Gray Matter: The Russo Brothers’ School of Hard Knocks

The Gray Man himself, Ryan Gosling. 
The Gray Man himself, Ryan Gosling. 

The Gray Man directors Anthony and Joe Russo lock and load for a Life in Film chat on ’70s thrillers, iconic showdowns, physical trauma and favorite Ryan Gosling performances.

The discourse may swirl and surge in attempts to pit blockbuster films against independent cinema, but oftentimes the reality is that the people who dedicate their lives to working in the big-budget field are doing so because they genuinely love the full breadth of what’s come before them. That’s certainly the case for Anthony and Joe Russo, who got their start with the 1997 film Pieces, which they financed with student loans and credit cards.

After Pieces screened at the Slamdance Film Festival, the Russos were approached by none other than Steven Soderbergh and George Clooney with an offer to produce their next film, the 2002 crime caper Welcome to Collinwood. Years working in comedies on the big screen (You, Me and Dupree) and on some of the most acclaimed television series of the 21st century (Arrested Development, Community, Happy Endings) led to the duo’s biggest stage yet, becoming the men behind some of the most gargantuan films of all time.

Chris Evans, Anthony Russo and Joe Russo on the set of The Gray Man.
Chris Evans, Anthony Russo and Joe Russo on the set of The Gray Man.

From 2014’s Captain America: The Winter Soldier through 2019’s Avengers: Endgame, the Russo Bros directed four films of increasingly mammoth stakes in the Marvel Cinematic Universe, a franchise that will be tied to their legacy for, ahem, infinity. Their time playing with superheroes wrapped up for now, but not their time playing with the actors inside those costumes. The next phase of their career began in 2021 with the Tom “Spider-Man” Holland-starrer Cherry, a much more intimate drama centering on a former soldier who spirals into a life of drugs and crime.

Their latest is back on the larger side of the budget scale. The Gray Man stars Ryan Gosling (back on screen for the first time since 2018’s First Man) as Courtland Gentry, aka Sierra Six, an ex-con turned ace mercenary (operating in the dodgy “gray zone” of CIA activities) whose life is on the line when shady higher-ups in the operation start knocking off his peers. He’s pitted against the sociopathic Lloyd Hansen (Chris Evans, with an impressive porn stache and the tightest pants America’s ass has ever been squeezed into), with a banger of a supporting cast along for the ride: Ana de Armas, Billy Bob Thornton, Jessica Henwick, Regé-Jean Page, Dhanush and Alfre Woodard.

Ana de Armas and Ryan Gosling in one of The Gray Man’s many intricate set pieces.
Ana de Armas and Ryan Gosling in one of The Gray Man’s many intricate set pieces.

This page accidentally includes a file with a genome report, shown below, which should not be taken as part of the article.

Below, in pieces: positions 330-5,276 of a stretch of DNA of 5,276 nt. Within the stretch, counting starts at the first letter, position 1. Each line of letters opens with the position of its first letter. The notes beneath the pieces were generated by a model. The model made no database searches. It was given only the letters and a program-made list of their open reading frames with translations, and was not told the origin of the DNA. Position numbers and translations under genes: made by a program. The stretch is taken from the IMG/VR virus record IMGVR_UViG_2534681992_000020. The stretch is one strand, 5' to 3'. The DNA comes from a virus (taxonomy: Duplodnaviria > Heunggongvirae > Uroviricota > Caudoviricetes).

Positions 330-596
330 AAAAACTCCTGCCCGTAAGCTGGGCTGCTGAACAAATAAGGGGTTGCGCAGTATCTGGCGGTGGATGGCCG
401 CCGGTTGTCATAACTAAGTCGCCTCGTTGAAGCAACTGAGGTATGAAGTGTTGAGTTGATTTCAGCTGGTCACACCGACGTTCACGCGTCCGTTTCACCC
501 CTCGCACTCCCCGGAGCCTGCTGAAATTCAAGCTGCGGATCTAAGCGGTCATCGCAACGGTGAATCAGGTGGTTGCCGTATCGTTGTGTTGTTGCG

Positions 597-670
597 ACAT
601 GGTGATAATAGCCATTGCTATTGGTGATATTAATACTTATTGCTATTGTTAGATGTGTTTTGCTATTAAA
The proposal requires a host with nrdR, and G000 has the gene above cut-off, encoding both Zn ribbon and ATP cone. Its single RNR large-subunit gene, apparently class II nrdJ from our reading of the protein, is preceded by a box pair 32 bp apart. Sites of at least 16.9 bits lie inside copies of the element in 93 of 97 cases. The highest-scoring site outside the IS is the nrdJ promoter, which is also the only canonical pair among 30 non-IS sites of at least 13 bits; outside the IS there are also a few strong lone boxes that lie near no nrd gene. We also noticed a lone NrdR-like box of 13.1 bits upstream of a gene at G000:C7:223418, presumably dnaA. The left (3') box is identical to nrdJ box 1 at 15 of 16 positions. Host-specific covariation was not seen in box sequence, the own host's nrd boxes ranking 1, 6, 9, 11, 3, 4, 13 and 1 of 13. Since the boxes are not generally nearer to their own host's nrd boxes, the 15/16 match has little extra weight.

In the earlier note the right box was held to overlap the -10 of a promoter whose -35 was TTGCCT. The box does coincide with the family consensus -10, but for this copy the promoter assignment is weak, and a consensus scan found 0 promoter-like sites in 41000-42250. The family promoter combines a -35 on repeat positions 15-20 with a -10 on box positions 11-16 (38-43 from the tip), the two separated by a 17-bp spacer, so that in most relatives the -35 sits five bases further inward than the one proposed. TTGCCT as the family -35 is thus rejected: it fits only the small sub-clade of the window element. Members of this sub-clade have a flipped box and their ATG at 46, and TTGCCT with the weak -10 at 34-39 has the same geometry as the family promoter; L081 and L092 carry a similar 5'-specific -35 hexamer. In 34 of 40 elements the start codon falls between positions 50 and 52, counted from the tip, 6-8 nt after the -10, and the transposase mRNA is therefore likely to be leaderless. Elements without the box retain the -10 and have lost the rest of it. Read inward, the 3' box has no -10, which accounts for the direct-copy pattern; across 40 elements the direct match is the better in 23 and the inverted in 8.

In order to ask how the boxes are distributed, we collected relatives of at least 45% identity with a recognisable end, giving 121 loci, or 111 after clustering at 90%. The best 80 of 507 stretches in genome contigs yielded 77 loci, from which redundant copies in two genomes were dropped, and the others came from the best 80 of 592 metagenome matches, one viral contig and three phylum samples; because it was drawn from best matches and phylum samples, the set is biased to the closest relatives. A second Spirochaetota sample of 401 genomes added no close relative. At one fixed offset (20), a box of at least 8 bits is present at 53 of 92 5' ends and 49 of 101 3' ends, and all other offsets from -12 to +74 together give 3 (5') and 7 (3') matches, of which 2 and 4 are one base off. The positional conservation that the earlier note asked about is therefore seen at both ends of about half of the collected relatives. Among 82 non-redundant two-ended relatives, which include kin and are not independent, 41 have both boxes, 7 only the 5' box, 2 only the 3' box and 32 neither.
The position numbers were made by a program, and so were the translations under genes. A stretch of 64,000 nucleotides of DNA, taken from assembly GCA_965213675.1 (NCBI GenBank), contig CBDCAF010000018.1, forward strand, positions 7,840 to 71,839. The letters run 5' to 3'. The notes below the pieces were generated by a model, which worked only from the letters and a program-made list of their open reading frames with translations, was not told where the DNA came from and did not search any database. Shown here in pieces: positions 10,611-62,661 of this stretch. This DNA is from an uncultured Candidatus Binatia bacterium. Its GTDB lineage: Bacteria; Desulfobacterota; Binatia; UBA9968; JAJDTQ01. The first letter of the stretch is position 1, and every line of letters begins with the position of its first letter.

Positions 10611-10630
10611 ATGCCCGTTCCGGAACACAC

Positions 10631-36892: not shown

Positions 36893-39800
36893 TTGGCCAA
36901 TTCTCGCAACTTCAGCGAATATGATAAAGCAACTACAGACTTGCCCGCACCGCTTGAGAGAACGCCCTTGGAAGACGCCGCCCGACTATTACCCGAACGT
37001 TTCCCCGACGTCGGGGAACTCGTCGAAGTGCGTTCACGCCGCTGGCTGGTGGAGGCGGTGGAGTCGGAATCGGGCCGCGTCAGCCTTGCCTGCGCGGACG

Putting their cinephile bonafides where their stuffed wallets are, the Russos launched production company AGBO in 2016, using their newly minted status as box office legends to help fund smaller projects from emerging artists. Their ventures so far include the Chadwick Boseman-starring 21 Bridges, Natalie Erika James’ emotional, female-focused 2020 horror Relic and Letterboxd’s highest rated film of 2022 so far, Everything Everywhere All At Once. It’s clear that, above anything else, this duo are cinema to their very core.

In that spirit, it’s no surprise that the Russos were more than eager for a Life in Film chat. So while the Film Twitter discourse rages on their $200-million blockbuster for Netflix (and Letterboxd argues over whether The Gray Man is a movie for women or best-frenemies, a waste of Ana de Armas or a sequel-worthy franchise starter), I sat down with the brothers over Zoom to pick their brains about the films they love, in a conversation that traversed relentless crime thrillers, existential despair and the French New Wave.

William Petersen is a man put through the gauntlet in To Live and Die in L.A. (1985).
William Petersen is a man put through the gauntlet in To Live and Die in L.A. (1985).

You’ve said The Gray Man was inspired by the ’70s thrillers you grew up watching with your dad, which you can certainly feel in the film. What were some of the most formative films of that era for you?
Joe Russo: The French Connection was a really important film for us. I think that was one of the first edge-of-your-seat movies that I can remember watching.

Anthony Russo: That’s for sure. And that was our initial response to the movie, but it also ended up becoming one of those movies that we watched over and over and over and over again, studying every frame of that film.

JR: The sound design, the editing style, reading about how it was executed. There’s also some ’80s films that were important too, including [John] McTiernan’s films. Another movie that we really love is [John] Frankenheimer’s Ronin, which is an underappreciated action film. That was him coming back at 80 years old and just schooling everyone on how to direct action. I think that’s probably the range of action films that inspired us on this one. To Live and Die in L.A. We could probably throw some John Woo in there.

AR: Absolutely. It’s that range of movies that sort of takes a lead character and runs them through a gauntlet, with these overwhelming odds.

JR: Bullitt is another one.